Incidence rate provides information on new cases within a population at risk while providing some information about the timing of infection. Incidence rate is not a proportion and thus can range from zero to infinity. For example, consider the following.

You follow a group of 5 people at risk for contracting a deadly bacterial disease for 6 months. You lose Subject 1 subject after two months because of relocation, Subject 2 contracts the virus after three months, Subject 3 contracts the virus after two months but is cured two months after that, Subject 4 dies from other causes after 4 months, and Subject 5 joins the study a month in and never contracts the virus.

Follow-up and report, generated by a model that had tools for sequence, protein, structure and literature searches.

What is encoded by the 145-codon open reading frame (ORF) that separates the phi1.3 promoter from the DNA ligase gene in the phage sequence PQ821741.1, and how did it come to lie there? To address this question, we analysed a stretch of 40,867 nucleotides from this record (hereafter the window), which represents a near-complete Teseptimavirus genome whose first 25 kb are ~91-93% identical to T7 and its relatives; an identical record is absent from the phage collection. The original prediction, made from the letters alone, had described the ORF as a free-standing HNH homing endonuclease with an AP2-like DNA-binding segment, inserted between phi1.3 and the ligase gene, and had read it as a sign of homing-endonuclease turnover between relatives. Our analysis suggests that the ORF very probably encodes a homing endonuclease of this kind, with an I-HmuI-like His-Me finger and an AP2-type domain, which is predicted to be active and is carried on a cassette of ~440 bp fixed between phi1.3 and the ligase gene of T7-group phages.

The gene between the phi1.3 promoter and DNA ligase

How many person-months would be included in the equation? What would the numerator be?



           Figure 2.1 illustrates this example and provides the answers to these questions. Two people in the at-risk population studied developed the disease over the 18 person-months observed. Thus, the incidence rate is 2/18 person-months (read “two per eighteen person-months”), or can be simplified to 1/9 person-months or 11/100 person-months. It is crucial to include the correct unit of time.